If an employer already provides paid sick leave, the new paid sick time (for a public health emergency declaration) specified under this bill must be offered in addition to their existing paid leave, and the employer may not change existing policies to avoid paid sick leave obligations. Also, an employer cannot require that employees use other paid time off — such as vacation, personal days or PTO banks—before using the new emergency paid leave.
Employers must post a public notice informing employees of their rights to emergency paid sick leave. The Department of Labor (DOL) will provide a model notice within seven days.
Emergency Family and Medical Leave
In addition to emergency paid sick leave, the Act expands the Family and Medical Leave Act (FMLA) provisions to require 12 weeks of job-protected public health emergency leave. The first ten days of leave can be unpaid and employees can, but do not have to, use other forms of accrued paid leave, such as vacation, personal leave or sick leave during that time. After the first two weeks, employers must pay workers at least two-thirds of their regular rate of pay. An employee would be entitled to the emergency leave if they have worked for an employer at least 30 calendar days.
Emergency leave would be available where an employee is unable to work because his or her minor child’s school, daycare, or other place of childcare has been closed or is unavailable due to a public health emergency.
Under the Act, the definition of family member is broad and matches the definition for emergency paid sick leave. The expanded FMLA emergency leave also applies to multiemployer plans in the same way that emergency paid sick leave does.
The Families First Coronavirus Response Act allows the DOL to issue regulations related to emergency family and medical leave to exclude certain health care workers and emergency responders and to exempt small businesses with fewer than 50 employees, if these requirements would jeopardize the viability of their business. There’s also an exception for employers with fewer than 25 employees concerning the job protection aspect of the bill. The employer is not required to protect jobs if employees go on emergency leave and their job doesn’t exist when they are able to return because the business has experienced an economic downturn or other changes due to the public health emergency. To qualify for this exemption, the employer would also have to make reasonable efforts to restore the employees to equivalent jobs for up to a year after the leave.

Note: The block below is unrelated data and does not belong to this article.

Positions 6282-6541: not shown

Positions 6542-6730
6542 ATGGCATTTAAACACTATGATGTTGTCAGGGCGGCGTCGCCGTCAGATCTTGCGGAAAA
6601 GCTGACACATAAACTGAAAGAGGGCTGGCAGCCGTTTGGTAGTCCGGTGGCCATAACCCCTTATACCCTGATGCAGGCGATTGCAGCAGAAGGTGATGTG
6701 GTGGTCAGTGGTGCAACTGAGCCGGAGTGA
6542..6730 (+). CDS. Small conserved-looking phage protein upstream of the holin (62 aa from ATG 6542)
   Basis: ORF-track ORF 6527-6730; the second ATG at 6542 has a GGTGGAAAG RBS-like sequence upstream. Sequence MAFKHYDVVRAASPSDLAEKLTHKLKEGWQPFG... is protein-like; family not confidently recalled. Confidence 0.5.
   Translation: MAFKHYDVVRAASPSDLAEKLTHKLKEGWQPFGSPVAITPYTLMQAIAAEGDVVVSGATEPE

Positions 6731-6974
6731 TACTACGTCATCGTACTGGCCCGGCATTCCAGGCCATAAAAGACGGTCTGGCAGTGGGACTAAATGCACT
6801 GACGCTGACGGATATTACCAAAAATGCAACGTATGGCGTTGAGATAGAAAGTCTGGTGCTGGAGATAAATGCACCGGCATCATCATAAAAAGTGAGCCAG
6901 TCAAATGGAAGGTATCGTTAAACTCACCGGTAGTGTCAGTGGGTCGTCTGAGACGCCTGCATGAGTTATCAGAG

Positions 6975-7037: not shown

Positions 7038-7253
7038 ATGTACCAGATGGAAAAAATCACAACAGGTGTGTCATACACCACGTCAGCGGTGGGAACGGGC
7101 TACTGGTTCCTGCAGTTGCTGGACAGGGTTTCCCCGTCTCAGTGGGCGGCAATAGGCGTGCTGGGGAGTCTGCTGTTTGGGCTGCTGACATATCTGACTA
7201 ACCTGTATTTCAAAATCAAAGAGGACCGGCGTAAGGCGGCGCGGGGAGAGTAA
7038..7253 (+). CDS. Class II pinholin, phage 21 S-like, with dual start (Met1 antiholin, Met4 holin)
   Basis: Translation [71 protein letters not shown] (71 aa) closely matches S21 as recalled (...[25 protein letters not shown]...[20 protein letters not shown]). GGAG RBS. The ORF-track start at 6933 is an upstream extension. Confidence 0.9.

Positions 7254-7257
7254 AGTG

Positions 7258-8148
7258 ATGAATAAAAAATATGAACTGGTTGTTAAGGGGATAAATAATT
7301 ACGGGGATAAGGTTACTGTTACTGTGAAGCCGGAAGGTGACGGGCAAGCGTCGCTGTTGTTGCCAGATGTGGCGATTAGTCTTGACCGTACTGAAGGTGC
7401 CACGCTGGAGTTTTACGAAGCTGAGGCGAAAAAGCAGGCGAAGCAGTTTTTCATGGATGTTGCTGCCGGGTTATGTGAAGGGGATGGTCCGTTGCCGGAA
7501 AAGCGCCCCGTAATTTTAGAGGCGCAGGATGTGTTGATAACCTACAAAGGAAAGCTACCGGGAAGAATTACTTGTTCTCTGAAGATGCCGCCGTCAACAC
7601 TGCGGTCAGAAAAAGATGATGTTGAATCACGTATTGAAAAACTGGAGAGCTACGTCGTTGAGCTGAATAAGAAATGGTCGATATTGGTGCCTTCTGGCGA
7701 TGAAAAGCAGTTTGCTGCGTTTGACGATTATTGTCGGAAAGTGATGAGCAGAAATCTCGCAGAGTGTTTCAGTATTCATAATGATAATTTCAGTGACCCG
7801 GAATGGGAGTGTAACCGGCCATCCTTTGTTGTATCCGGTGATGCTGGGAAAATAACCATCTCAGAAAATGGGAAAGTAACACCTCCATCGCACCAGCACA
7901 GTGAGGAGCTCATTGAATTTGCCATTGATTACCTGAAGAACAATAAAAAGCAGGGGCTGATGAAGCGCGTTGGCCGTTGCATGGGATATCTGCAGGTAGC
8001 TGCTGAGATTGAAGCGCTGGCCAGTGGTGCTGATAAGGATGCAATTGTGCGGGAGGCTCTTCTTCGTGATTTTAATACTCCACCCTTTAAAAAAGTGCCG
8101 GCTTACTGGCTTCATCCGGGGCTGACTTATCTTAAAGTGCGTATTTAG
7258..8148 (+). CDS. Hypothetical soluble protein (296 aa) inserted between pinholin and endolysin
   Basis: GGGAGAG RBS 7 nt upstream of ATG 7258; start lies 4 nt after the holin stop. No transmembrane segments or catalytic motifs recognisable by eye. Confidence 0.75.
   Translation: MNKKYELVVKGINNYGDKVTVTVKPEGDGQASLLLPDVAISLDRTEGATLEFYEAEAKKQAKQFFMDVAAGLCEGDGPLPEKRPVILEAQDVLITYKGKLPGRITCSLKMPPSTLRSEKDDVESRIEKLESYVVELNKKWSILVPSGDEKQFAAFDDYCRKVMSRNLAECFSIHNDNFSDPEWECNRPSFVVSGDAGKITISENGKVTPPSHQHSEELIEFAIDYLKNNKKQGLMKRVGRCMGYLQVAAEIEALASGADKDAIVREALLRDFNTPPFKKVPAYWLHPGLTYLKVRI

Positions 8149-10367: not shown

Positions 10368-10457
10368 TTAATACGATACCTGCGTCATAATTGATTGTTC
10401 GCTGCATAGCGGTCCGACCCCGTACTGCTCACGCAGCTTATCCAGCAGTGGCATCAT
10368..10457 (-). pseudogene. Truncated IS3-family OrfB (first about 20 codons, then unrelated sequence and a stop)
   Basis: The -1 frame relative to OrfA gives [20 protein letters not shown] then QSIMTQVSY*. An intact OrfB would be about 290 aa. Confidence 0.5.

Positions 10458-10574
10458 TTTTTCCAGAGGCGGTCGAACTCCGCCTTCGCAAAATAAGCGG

Tax Credits for Paid Leave
A refundable payroll tax credit will be available to employers that provide paid emergency sick leave or paid emergency family and medical leave through 2020 as follows:
- For paid emergency sick leave, the tax credit for employers will be 100% of wages paid up to $511 per employee per day for all employees taking leave for their own prevention, care or treatment of the coronavirus. If the leave is due to caring for a family member or because of a child’s school closing, the cap is $200 per employee per day.
- For paid emergency family and medical leave, the tax credit will be 100% of wages paid up to $200 per employee per day and no more than $10,000 total per employee.
EMERGENCY UNEMPLOYMENT INSURANCE STABILIZATION AND ACCESS ACT OF 2020
Unemployment laws in each state vary with respect to waiting periods, qualifications and payments. The Act provides each state with additional funds to address the increase in the number of workers who will be filing due to this emergency. In order to receive additional funding from the Federal Government to support the overwhelming impact of COVID-19, states must ease eligibility requirements and access to UE compensation for claimants including:
- Waiving work search requirements
- Waiving waiting period
- Not holding employers chargeable for these claims.
Several states have already made changes to their requirements and benefits. Click here for more details.
For questions, please contact email@example.com to speak to an HR professional about how this may impact your business.